- Sleeping Giants
Author: Sylvain Neuvel
- ISBN: 978-1405921886
- Published: March 2018
- Pages: 384
- Format reviewed: Paperback
- Review date: 24/09/2018
- Language: English
I missed reviewing Sleeping Giants when it first came out. I've finally got round to picking up a copy to find out it's now been out long enough that there are two further novels in the series: Waking Gods and Only Human. Back in 2016 It was one of those break-out novels such as The Martian and Wool, where the author self-published and found an audience there before it was picked up by a major publisher. It was also optioned for a film, although there is little news on that front (Googling find's only a unrelated film called Sleeping Giant).
As I write this I've already picked up the sequel, a good sign I enjoyed Sleeping Giants.
It starts when 11 year-old Rose Franklin falls into a hole in a forest near her home, landing inside the open palm of a giant metallic hand. No one can figure out where the hand came from or who it belongs to. Fast forward 17 years and Rose is now a highly trained physicist and part of a team who are tasked with investigating exactly what the hand is made of, who could have made it and what the hand belongs to.
The story is told through a series of interviews with an unknown interrogator, along with a few reports and journal entries. This approach breaks up the story into a series of vignettes in a similiar way Max Brooks did with World War Z. It's an interesting way of presenting the story but it did take a bit of getting used to. Once I did however I found the book difficult to put down, with a friendly and immersive writing style.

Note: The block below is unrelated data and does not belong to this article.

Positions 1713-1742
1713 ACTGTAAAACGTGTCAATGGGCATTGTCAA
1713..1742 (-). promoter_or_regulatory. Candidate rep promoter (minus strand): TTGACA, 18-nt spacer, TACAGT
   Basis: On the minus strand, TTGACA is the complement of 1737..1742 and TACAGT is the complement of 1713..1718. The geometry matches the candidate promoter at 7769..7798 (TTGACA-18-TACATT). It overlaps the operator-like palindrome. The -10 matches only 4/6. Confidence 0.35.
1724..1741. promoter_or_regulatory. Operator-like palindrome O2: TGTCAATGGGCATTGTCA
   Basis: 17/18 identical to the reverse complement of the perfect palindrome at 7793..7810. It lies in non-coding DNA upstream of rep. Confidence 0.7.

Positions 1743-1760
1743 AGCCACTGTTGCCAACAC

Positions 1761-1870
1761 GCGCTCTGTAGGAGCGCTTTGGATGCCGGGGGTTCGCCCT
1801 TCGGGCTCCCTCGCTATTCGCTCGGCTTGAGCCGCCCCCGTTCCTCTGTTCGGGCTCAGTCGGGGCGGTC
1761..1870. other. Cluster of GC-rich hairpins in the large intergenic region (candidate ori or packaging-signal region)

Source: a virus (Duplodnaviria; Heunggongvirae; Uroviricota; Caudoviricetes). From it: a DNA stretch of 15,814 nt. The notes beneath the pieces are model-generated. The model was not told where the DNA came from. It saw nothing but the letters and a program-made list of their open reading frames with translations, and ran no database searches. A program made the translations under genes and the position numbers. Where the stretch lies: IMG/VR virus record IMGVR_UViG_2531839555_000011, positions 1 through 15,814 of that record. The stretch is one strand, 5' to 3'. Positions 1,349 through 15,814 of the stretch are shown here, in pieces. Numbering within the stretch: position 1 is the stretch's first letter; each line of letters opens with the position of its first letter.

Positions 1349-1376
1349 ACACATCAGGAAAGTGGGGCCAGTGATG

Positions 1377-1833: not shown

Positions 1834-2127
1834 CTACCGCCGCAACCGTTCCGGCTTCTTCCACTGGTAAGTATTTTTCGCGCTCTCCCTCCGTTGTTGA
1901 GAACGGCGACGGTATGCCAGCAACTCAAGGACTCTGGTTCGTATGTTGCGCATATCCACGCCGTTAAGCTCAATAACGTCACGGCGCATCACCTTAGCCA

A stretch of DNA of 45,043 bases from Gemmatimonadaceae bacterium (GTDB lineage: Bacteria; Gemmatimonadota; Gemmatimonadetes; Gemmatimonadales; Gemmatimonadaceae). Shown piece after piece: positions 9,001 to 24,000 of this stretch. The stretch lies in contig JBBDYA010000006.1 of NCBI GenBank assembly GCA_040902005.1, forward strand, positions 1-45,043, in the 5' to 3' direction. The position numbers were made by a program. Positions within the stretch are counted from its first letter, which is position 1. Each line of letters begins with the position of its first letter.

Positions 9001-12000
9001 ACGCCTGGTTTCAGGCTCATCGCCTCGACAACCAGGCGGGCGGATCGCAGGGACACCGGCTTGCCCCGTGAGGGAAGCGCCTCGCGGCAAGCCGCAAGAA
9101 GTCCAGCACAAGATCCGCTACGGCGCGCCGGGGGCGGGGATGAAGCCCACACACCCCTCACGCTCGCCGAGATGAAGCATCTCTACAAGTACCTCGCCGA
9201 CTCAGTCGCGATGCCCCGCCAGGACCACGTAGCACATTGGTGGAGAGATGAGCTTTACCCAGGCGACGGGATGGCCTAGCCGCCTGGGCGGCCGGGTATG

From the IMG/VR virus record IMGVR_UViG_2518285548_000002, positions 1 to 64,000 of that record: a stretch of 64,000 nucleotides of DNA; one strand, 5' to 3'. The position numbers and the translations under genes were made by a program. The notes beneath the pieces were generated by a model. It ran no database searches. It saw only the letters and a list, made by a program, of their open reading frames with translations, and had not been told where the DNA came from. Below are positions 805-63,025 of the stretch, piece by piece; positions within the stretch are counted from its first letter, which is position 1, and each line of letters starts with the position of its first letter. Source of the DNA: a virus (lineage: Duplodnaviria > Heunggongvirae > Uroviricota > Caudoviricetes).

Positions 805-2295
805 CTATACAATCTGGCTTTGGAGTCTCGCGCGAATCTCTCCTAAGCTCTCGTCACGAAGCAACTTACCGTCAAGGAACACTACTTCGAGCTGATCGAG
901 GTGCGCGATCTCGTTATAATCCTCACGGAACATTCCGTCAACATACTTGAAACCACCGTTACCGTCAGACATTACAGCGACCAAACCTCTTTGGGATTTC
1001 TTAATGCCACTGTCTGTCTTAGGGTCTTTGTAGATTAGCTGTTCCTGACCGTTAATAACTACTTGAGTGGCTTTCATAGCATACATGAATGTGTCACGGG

Much of the book is taken up with finding the various bits of the robot and then figuring out how it works, along with the relationship between the three pilots who try and control it. There is an interesting examination on the human reaction to the unknown, along with the difficulties inherent in the discovery of new, untapped powers. There is also a good amount of time taken up with the political ramifications such a discovery might uncover. If one nation controlled what could potentially be the worlds most powerful weapon, how would that effect world stability - could it actually bring peace? There is also a neat idea of where the robot came from, and for what purpose - something I hope is expanded upon later in the series.
Speaking of the continued story, the book finishes on one of the most effective cliff hangers I've read in some time - It really did want me to track down the next book as soon as I could.
Sleeping Giants is an accomplished novel and different enough to stand out. Breaking up the story means the pace is fast, which is a juxtaposition to the plot itself - which gives breathing room to the authors ideas without much in the way of action or suspense. It does however still manage to feel like a thriller in the way that the various suprises are dished out and when they are, its totally gripping. Highly recommended read.
Written on 24th September 2018 by Ant .